NHS England will review the ‘successes and lessons learned’ from primary care networks (PCNs) before the end of the five-year GP framework in 2024/25.

Announced on Tuesday as part of its primary care recovery plan, the review will also evaluate the additional roles reimbursement scheme (ARRS) to assess its options from 2024/25 onwards.

The review comes in response to Dr Claire Fuller’s Primary Care Stocktake – published last May – which envisioned primary care organised into integrated neighbourhood teams, and called for NHS England to ‘rapidly’ assess the possibility.

In this week's recovery plan, NHS England said the 2024/25 contract – which will mark both the end of the five-year framework and five years since PCNs were first introduced – is an opportunity to reflect on its successes and failures.

This will include assessing ‘alternative approaches that can work alongside the partnership model’ and opportunities to ‘better align clinical and financial responsibilities’ to allow primary care teams to reinvest savings in frontline services.

NHS England said of the recovery plan: ‘This plan is the first step to address the access challenge ahead of longer-term reforms. The other two elements of the Fuller Stocktake vision of more proactive, anticipatory and preventative care, delivered by multidisciplinary teams and integrated neighbourhood teams, remain important and can help mitigate demand.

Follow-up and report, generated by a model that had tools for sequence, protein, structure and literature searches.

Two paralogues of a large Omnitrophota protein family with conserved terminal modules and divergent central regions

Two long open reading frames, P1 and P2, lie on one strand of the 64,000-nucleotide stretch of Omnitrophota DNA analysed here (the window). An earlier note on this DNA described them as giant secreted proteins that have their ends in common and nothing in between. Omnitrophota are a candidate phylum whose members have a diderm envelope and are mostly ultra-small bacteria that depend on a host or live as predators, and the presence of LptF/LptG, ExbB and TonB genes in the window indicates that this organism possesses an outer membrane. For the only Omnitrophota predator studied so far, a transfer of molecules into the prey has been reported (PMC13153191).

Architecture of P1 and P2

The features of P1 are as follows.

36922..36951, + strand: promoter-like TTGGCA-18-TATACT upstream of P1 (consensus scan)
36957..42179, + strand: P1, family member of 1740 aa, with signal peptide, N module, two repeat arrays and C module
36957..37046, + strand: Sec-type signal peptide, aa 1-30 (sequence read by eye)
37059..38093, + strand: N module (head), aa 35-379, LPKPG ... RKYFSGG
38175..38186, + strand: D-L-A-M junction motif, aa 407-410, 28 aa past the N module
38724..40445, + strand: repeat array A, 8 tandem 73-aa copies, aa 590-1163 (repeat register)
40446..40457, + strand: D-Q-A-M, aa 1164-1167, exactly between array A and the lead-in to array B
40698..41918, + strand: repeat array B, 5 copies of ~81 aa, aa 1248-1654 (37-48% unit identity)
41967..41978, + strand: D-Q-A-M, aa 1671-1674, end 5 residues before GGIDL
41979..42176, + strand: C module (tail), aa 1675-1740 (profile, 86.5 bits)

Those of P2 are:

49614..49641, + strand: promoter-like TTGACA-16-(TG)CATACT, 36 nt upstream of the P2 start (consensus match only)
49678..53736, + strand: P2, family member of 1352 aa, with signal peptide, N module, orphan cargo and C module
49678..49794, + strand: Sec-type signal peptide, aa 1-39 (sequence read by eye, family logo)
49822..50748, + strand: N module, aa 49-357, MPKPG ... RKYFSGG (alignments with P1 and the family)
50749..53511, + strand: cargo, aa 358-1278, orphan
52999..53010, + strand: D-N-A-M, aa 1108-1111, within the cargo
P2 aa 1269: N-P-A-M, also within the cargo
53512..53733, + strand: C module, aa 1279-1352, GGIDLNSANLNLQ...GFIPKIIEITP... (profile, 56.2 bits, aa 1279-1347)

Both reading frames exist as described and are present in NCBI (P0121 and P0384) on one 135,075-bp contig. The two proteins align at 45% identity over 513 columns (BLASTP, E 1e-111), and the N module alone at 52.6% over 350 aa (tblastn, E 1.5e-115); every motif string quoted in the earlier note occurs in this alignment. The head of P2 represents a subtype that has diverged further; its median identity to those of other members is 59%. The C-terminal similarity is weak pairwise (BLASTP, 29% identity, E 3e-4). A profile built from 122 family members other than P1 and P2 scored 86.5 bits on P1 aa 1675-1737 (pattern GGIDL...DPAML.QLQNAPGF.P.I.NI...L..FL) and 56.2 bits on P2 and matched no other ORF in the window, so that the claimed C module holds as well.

‘Some PCNs and practices that have already implemented Modern General Practice Access are successfully working on these, helping to build the learning on what it takes to implement.’

The approach, which NHS England has named Modern General Practice Access, has three components:

  • Better digital telephony
  • Simpler online requests
  • Faster navigation, assessment and response.

It added: ‘Integrating primary care requires general practice to operate at a larger scale either as part of PCNs or at place level, and other system partners, such as community, acute and mental health services, will need to organise care more locally to integrate with primary care.’

The recovery plan also revealed that a national Pharmacy First service would be launched by the end of the year, as well as a £645m funding boost for community pharmacy.

A version of this article was first published on our sister publication, Pulse